While no evidence was led specifically on the job market in the local area, the judge did consider the employee’s mitigation efforts, that is her effort to find alternate employment:
The affidavit evidence of Ms. Miller reveals extensive efforts on her part to find new employment. Ms. Miller applied for and was interviewed for numerous positions, all without success. Ultimately, Ms. Miller decided to start her own business.
The judge had previously noted that the defendant had dropped their claim that the employee failed to mitigate.
The judge also considered the fact that the employee was dismissed in May of 2020 and reviewed other cases where employees had been dismissed early in the pandemic. In an excerpt from another case the judge was looking at during a similar time period, the judge found as follows: “[e]specially during the first half-year of the shutdown in response to the pandemic, there was uncertainty in the economy and the job market and fewer employers were looking to fill positions.”
Counsel made arguments that the pandemic is a “novel issue” and would be “making new law”. However, the court considered this and determined that it was consistent with the reasonable notice factors already found in Canadian law. The judge provided thoughtful reasons articulating this:
In my view, the pandemic and its impact on the labor market is merely an extension of one of the factors the Court is directed by Bardal to consider: availability of alternative employment. While there is no evidence in the Record of the specific impact of the pandemic on Ms. Miller or the job sector in which she was seeking employment, there can be little doubt that the pandemic and the shutdowns associated with it would have had some impact on Ms. Miller’s ability to find new employment. I agree with the reasoning in Iriotakis that the pandemic is one of many factors to be considered when assessing reasonable notice.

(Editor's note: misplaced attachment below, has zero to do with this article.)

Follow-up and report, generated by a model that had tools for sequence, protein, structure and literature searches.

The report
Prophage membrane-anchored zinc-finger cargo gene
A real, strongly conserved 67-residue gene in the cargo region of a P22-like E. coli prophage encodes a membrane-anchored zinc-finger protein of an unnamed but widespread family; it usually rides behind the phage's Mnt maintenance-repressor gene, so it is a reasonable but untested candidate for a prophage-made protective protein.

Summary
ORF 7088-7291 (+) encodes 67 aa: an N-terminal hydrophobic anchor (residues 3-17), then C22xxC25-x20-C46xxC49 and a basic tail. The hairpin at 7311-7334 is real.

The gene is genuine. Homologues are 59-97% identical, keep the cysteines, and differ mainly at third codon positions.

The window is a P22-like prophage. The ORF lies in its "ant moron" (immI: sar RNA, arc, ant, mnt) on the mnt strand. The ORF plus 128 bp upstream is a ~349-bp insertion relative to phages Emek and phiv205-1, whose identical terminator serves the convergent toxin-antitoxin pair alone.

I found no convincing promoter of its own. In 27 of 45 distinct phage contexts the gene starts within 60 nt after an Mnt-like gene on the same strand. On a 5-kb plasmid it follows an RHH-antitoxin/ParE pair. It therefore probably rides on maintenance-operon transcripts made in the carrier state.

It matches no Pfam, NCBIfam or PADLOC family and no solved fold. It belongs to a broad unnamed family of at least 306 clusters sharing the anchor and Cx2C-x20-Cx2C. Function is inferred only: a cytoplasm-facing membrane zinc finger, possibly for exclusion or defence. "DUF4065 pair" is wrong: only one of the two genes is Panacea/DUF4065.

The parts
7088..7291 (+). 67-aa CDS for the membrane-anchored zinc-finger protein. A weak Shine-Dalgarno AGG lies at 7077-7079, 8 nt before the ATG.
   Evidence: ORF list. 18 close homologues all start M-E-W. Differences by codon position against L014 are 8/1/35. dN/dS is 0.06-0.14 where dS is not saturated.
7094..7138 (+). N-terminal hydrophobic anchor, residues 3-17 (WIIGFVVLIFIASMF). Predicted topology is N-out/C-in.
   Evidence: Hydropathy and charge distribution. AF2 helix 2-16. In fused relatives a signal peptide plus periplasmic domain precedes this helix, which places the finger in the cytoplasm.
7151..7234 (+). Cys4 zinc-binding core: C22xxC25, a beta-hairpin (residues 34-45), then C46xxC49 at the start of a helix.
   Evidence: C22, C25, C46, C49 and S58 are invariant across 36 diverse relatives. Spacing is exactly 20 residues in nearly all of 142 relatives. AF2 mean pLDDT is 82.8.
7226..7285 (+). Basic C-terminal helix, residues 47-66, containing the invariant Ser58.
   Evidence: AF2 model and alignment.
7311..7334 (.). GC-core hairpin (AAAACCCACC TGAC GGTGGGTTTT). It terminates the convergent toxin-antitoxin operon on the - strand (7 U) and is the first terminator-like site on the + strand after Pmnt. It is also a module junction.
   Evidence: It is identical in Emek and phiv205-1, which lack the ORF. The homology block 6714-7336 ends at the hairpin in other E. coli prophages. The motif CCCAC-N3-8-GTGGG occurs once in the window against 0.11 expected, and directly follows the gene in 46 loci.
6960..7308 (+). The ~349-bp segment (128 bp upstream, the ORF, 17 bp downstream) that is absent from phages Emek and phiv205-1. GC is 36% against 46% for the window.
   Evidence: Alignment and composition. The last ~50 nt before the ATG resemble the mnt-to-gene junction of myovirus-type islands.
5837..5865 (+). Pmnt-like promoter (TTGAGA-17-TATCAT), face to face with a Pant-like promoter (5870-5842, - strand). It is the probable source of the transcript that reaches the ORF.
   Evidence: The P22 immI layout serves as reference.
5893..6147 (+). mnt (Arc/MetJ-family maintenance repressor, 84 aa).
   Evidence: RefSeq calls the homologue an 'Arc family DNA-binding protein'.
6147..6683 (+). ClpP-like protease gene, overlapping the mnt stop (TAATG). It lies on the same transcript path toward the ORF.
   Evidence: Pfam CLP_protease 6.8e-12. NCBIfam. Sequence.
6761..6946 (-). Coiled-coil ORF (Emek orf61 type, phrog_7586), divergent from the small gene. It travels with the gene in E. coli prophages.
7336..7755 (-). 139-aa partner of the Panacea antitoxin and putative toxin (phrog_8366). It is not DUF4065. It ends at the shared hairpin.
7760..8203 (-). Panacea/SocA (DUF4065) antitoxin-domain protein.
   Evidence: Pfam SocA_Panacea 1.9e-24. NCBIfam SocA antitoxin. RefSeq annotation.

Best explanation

In taking into consideration the availability of employment at the time the employee was dismissed (May of 2020), the judge determined that a longer than average notice period was reasonable. Keeping in mind that the judge had previously determined the appropriate range was 6-12 months with 8 months being the average, the uncertainty in the job market at the time of dismissal warranted a notice period of 10 months.
Contact Peter A. McSherry Employment Lawyer in Guelph for advice on pandemic terminations
Peter A. McSherry Employment Lawyer assists employees and employers on termination, wrongful dismissal and severance issues. We regularly assist employees and provide guidance during a difficult time. For employers, we can help you understand your legal obligations and provide advice on managing the legal and reputational risk that occurs when making these difficult decisions that impact employment.
Contact us online or by phone at 519-821-5465 to schedule a consultation.